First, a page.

Mandy Sayer chats to Krissy Kneen about The Poet’s Wife
Mandy Sayer’s third memoir vividly details her marriage to the Pulitzer Prize-winning poet, Yusef Komunyakaa, and their unconventional life lived across the United States and in Sydney’s Kings Cross. Here, Sayer talks with Krissy Kneen about committing her tumultuous marriage to the page.
When reading a review of a memoir we often come across a repeated set of related words. ‘Brave’ is the first one that springs to mind, along with ‘courageous’, ‘fearless’, ‘bold’. But what is so brave about telling the truth (or at least your subjective truth) about your life publicly? So many of us do it on social media, don’t we?
Well, not exactly. We tell a version of ourselves but much of the truth is hidden. We show off our best side: our most flattering selfies, our most humorous quips and clever patter. The art of the memoirist is a different job entirely.
‘Compelling memoirs usually reveal the narrator’s vulnerabilities, secrets, confusions and mistakes,’ says Mandy Sayer, who has just released her third memoir, and eighth book, The Poet’s Wife. ‘Many people aren’t comfortable with that level of public revelation about their so-called weaknesses, which I can understand. However, it’s usually on that level that a bond can grow between reader and narrator, and where identification begins.’
Sayer has certainly forged a kind of bond with her own readers, many of whom have followed her since her first novel, Mood Indigo, won the Australian/Vogel Literary Award when she was just 26. But it was her first memoir, Dreamtime Alice that gave readers an insight into her life and character. Dreamtime Alice, which focused on her nomadic life tap-dancing across New York and New Orleans with her drum-playing father, intersects with The Poet’s Wife – her newest self-revelation. In both her previous memoirs, Sayer looks back at herself as a child. In The Poet’s Wife, the child becomes an adult, falls in love, and then struggles to retain some sense of self within a relationship that is ultimately destructive.
Sayer survived her marriage to Pulitzer Prize-winning poet Yusef Komunyakaa, but The Poet’s Wife begins and ends with a different ‘poet’s wife’, the woman Komunyakaa partnered with after Mandy had left their relationship. Poet Reetika Vazirani, Komunyaaka’s partner, tragically killed herself and their young son. The horror of this murder-suicide haunts the book, giving weight to Sayer’s own struggles with mental illness and self-harm during the years of her marriage to Komunyakaa. There are two ‘wives’ in this memoir, two women who are also writers, and there is a pervading sense that the fate of one might easily have been the fate of the other if things had gone differently for Sayer.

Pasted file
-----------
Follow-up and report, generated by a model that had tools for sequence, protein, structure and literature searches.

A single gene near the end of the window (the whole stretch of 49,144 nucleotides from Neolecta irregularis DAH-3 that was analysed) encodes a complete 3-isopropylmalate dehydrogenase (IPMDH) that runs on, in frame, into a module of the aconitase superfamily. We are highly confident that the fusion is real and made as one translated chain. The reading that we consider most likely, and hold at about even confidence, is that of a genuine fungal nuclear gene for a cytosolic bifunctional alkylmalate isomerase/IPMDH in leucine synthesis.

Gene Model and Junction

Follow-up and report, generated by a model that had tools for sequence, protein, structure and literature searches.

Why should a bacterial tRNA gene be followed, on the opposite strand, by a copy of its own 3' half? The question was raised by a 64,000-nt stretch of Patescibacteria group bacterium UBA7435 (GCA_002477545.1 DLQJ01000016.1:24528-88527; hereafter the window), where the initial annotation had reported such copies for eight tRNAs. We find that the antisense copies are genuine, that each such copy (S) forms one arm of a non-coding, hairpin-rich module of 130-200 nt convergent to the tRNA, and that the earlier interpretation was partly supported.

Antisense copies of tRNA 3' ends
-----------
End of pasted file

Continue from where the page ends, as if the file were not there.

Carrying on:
‘The framing device [of Vazirani’s murder-suicide] is intentional and so is the title. I did research a little of Reetika’s life and did find certain similarities,’ says Sayer, ‘especially once I read her posthumous collection, Radha Says. It is so full of anguish and confusion over her relationship that some of the stanzas reminded me of my own shocking, pleading diary entries years ago. My heart went out to her, and of course to their son.’
Sayer’s diary plays a central role in the book: committing her thoughts to paper is a powerful act in the memoir. In fact, the craft of the writer takes centre stage, as the young Sayer begins to help Komunyakaa with his poetry and is, in turn, encouraged by him to embark on a writing career of her own.
This book contains many thoughtful insights into the art of writing, alongside the personal struggles of a young woman desperately trying to salvage her relationship, as well as her own self-esteem. In The Poet’s Wife, Sayer studies with some of the great writers and demonstrates her own fascination with the process of writing, and the construction of both novels and memoirs.
When pressed about the architecture of her work, and the differences between the two forms, her answer sheds light on the assembly of her latest book, echoing the same passion for craft that infuses a large part of the narrative in The Poet’s Wife.
‘With a memoir you start off knowing all of the material and the real task, in order to find shapes, patterns and structure, is asking yourself what to leave out of the narration. With a novel, it’s the complete opposite: you start off knowing none of the material – a literal blank page – and the task is asking yourself what to include. The memoir is subtraction; the novel is addition. Both are mathematics!’
The Poet’s Wife is a pacey read. The sentences race along, jumping from moment to moment, leaving a reader with hardly any time to wonder what has been subtracted, what parts of this life have been chipped away to serve the shape of the plot. Sayer is aware of her own natural rhythms, which occur in the text. ‘As a tap dancer, and coming from a musical family,’ she says, ‘I became attuned to nuances of rhythm and music far earlier than those of literature. It’s also the backbeat of everything I write, including fiction, poetry and essays.’
The Poet’s Wife offers much to those interested in the construction of memoir, but also provides readers with plenty of universal truths to unpack along the way. It is a fine balance for most relationships – how do you keep the mystery of a honeymoon period alive while fostering a depth of relationship that only honesty and experience can engender? The Poet’s Wife is a formidable lesson in this struggle associated with marriage. As Sayer says when questioned about the plot of The Poet’s Wife, ‘In some ways it can be read as a kind of domestic thriller, with the wife-detective trying to unravel the truth about a mysterious and unknowable husband.’